Parents

Where Do Vegan Kids Get Their …

Whether you’re newly vegan, a longtime vegan, or on your way to going vegan, being a parent requires extra research, knowledge, and triple-checking. So who could blame you for wanting to make sure you’re providing your kids with all the nutrition that they need in order to grow up not just kind but healthy and strong, too?

Giving your children a variety of vegan foods, including beans, nuts, whole grains, fruits, and vegetables—along with reliable sources of vitamins B12 and D—can ensure that they get what they need for adequate nutrition and growth.

Where Do Vegan Kids Get Their Calcium and Vitamin D?

Calcium is plentiful in the plant world. Good sources include some dark-green leafy vegetables (such as broccoli, collard greens, and kale), almonds, sesame tahini, certain brands of tofu, and calcium-fortified plant-based milk and orange juice.

As for vitamin D, sunshine is one of the best sources. During the warmer months, human skin can manufacture enough of the vitamin if one’s face and forearms are exposed to sunlight for 15 to 20 minutes per day. But during colder and cloudier weather, it’s important to get some extra vitamin D by eating vegan foods containing it or by taking a supplement. Many brands of plant-based milks (such as those made from almonds, soybeans, or rice) contain both calcium and vitamin D, as do some brands of fortified orange juice. (If your family rarely spends time in the sun, it’s a good idea to make sure your kids get some vitamin D from vegan drinks or supplements.) If you’re worried about it, ask their doctor to administer a blood test.

Where Do Vegan Kids Get Their Iron?

Iron is found in numerous plant-based foods, including black beans, cashews, kidney beans, lentils, oatmeal, raisins, black-eyed peas, soybeans, spinach, many breakfast cereals, sunflower seeds, chickpeas, some veggie burgers, tomato juice, tempeh, and whole-wheat bread. Studies have found that the type of iron in some kinds of animal flesh can raise one’s risk of developing diabetes, but the iron in plant foods does not. Giving your kids foods rich in vitamin C (e.g., citrus fruits and peppers) along with their iron-rich foods is a good way to increase their iron absorption.

Where Do Vegan Kids Get Their Omega-3 Fatty Acids?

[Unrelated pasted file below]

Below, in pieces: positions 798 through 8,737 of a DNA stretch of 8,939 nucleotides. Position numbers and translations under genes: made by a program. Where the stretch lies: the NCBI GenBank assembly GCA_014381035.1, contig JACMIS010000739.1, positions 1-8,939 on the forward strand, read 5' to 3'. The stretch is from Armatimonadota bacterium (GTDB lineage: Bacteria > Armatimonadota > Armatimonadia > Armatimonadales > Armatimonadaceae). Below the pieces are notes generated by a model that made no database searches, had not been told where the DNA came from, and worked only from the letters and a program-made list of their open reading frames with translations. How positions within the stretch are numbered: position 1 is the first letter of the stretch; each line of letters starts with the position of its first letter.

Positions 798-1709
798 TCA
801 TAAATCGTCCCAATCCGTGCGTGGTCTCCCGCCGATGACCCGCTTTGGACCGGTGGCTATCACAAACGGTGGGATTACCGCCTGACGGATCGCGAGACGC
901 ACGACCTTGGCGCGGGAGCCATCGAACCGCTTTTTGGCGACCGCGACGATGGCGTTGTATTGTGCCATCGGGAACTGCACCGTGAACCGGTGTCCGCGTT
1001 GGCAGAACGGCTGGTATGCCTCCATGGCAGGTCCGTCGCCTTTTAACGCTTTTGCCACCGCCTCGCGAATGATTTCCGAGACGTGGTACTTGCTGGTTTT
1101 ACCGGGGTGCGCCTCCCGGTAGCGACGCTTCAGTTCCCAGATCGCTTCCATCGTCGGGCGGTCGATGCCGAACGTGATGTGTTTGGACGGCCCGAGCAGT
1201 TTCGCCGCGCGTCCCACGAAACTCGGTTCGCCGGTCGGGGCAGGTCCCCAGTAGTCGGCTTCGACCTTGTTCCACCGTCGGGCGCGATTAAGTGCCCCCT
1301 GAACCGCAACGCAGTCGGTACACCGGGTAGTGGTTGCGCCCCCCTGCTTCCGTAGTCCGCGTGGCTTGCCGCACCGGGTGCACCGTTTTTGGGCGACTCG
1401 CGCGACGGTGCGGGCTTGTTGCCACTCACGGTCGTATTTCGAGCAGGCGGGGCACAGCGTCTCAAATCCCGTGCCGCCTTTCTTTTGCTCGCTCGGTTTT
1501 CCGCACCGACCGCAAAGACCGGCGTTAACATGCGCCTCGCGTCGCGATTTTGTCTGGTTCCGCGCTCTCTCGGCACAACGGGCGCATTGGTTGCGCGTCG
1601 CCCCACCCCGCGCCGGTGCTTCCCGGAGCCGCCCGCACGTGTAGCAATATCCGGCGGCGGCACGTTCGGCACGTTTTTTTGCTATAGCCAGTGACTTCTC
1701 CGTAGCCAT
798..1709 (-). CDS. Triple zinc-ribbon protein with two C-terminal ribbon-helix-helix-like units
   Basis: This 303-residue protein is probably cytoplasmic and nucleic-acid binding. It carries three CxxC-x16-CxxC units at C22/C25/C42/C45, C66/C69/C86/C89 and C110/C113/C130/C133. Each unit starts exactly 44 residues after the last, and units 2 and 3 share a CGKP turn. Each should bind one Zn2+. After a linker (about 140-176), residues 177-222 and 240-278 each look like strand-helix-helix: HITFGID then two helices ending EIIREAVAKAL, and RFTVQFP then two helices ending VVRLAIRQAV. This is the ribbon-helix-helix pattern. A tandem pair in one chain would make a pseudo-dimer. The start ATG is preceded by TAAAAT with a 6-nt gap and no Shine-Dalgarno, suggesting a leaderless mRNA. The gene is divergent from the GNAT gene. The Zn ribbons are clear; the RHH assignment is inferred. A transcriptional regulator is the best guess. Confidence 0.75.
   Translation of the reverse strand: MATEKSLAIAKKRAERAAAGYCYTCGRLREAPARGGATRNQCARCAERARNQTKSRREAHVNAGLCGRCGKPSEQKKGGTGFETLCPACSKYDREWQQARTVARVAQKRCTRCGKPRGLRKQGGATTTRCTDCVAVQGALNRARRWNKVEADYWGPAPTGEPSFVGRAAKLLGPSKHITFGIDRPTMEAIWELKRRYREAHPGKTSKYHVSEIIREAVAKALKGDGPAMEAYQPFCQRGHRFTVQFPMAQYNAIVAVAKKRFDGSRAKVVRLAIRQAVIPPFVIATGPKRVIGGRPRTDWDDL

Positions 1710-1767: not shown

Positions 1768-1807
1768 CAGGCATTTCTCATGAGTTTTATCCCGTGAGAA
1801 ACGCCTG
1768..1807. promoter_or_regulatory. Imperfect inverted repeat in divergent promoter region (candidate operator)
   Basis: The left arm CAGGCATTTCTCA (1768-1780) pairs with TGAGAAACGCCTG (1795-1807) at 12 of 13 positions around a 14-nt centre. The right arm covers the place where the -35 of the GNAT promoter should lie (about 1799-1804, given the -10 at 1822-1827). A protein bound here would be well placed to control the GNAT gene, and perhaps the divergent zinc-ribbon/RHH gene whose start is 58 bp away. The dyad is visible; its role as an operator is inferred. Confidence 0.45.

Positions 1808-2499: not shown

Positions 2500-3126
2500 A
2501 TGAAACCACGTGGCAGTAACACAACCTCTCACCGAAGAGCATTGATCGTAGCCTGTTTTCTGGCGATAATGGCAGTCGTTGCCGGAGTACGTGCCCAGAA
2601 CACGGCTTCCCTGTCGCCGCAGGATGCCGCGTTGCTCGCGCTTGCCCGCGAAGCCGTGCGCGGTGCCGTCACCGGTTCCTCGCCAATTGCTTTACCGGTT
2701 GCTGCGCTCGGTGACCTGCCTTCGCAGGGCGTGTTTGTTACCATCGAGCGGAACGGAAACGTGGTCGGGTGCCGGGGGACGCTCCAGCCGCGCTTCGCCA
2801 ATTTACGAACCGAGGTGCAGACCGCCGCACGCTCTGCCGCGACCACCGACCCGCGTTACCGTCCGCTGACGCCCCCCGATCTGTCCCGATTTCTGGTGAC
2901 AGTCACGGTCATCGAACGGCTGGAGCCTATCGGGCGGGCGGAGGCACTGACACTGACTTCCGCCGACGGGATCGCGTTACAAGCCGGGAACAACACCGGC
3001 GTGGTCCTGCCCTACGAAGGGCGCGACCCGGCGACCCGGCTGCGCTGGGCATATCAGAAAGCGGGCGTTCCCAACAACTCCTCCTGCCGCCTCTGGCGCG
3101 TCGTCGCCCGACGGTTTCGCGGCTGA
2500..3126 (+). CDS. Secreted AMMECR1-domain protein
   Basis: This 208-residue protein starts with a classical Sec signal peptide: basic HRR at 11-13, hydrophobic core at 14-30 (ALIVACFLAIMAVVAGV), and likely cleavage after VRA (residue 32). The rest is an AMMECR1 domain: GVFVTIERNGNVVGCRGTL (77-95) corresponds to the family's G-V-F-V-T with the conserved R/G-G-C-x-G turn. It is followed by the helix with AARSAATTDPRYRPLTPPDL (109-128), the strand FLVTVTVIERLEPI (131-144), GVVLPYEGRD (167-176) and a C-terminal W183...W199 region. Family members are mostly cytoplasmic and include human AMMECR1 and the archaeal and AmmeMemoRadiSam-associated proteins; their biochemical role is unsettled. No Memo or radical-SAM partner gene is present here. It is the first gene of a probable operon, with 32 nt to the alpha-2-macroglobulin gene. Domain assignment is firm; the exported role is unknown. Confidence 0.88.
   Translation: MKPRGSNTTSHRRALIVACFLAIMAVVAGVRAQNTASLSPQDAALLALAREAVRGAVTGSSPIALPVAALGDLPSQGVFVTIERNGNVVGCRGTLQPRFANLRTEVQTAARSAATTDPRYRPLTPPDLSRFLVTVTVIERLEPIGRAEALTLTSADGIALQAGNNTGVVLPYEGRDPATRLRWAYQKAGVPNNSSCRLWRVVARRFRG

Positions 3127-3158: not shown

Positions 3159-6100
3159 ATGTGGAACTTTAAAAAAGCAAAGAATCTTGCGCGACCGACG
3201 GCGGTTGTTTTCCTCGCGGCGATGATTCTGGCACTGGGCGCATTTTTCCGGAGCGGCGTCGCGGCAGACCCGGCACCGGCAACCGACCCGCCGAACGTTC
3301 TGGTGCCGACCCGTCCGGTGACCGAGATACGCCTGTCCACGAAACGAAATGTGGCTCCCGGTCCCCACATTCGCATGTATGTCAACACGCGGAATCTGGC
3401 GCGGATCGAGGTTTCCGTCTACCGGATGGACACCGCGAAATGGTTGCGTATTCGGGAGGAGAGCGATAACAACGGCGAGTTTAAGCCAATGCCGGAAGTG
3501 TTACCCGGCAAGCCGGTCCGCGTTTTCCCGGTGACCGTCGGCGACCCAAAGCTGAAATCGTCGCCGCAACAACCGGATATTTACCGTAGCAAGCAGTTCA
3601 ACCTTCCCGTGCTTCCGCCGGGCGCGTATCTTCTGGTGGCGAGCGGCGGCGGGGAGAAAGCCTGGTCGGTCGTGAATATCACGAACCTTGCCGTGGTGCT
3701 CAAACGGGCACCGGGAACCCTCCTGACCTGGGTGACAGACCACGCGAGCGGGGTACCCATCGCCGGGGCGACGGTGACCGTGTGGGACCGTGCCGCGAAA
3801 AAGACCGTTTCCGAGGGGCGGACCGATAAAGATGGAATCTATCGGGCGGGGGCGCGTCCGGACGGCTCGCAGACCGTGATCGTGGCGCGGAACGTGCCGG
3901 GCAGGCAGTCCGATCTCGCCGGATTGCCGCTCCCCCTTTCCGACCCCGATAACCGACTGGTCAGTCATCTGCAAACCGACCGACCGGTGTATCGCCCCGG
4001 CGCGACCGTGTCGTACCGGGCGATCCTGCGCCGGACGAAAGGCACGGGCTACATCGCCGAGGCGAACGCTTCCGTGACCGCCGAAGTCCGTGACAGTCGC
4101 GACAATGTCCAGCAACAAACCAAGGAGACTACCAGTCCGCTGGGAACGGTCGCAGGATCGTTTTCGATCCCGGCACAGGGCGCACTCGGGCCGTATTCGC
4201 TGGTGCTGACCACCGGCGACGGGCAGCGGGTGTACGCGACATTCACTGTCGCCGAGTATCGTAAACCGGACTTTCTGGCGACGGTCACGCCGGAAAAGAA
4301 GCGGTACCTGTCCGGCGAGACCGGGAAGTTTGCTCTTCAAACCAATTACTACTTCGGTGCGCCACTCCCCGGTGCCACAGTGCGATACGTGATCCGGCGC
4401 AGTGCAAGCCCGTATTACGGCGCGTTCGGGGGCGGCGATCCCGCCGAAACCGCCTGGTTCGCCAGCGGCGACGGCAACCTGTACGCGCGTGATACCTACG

There are several good vegan sources of omega-3 fatty acids, which contribute to good heart, brain, skin, and joint health—including chia seeds as well as flax seeds, hemp seeds, and walnuts (which are also good sources of protein and iron), plus algal oil (made from algae, which is where fish get the omega-3s that end up in their flesh). Unlike fish flesh, these foods are free of dangerous levels of mercury and PCBs. Flax seeds can be found at well-stocked supermarkets or health-food stores and should be ground up in a blender or a coffee grinder rather than eaten whole. Try sprinkling flax, hemp, or chia seeds on your children’s cereal or oatmeal or adding them to smoothies. (They likely won’t even be noticed!) You can also pour a teaspoonful or two of flaxseed oil on warm foods, but the oil itself shouldn’t be heated. (Keep flax seeds, flax oil, and algal oil in the refrigerator.)

Where Do Vegan Kids Get Their B12?

Vitamin B12 is responsible for helping our bodies make DNA and red blood cells. It’s essential for optimum health, and a deficiency can lead to serious problems, such as anemia and damage to the nervous system. Your child can get B12 from non-animal sources that have been fortified with it, such as cereals, plant-based milks, nondairy yogurt, and fortified nutritional yeast (a delicious flaky superfood that has a flavor similar to cheese and can be added to many dishes—hello, vegan mac ‘n’ cheese!). Your kids can also get all the B12 they need from a vegan supplement in liquid or pill form. Again, if you’re concerned that they aren’t getting enough, just ask their doctor to give them a blood test.

Where Do Vegan Kids Get Their Protein?

Protein is abundant in plant-based foods. Vegans should consume a variety of protein sources, such as nuts, seeds, peas, lentils, nutritional yeast, whole grains, and legumes as well as foods made from them (e.g., peanut butter, tofu, tempeh, soy milk, and vegan meats). Plant-based protein sources also tend to contain healthy fiber and complex carbohydrates, unlike animal-based protein sources, which are usually full of artery-clogging cholesterol and saturated fat. Consumption of animal protein has also been linked to heart disease and some types of cancer. Plus, the high sulfur content of animal protein is suspected of weakening bones and leading to osteoporosis.

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Not only can vegan kids get adequate amounts of all the vitamins and minerals they need to grow, they also avoid consuming cholesterol, large amounts of saturated fats, and harmful contaminants—including bacteria, arsenic, dioxins, and mercury—which can be found in meat, eggs, and dairy.

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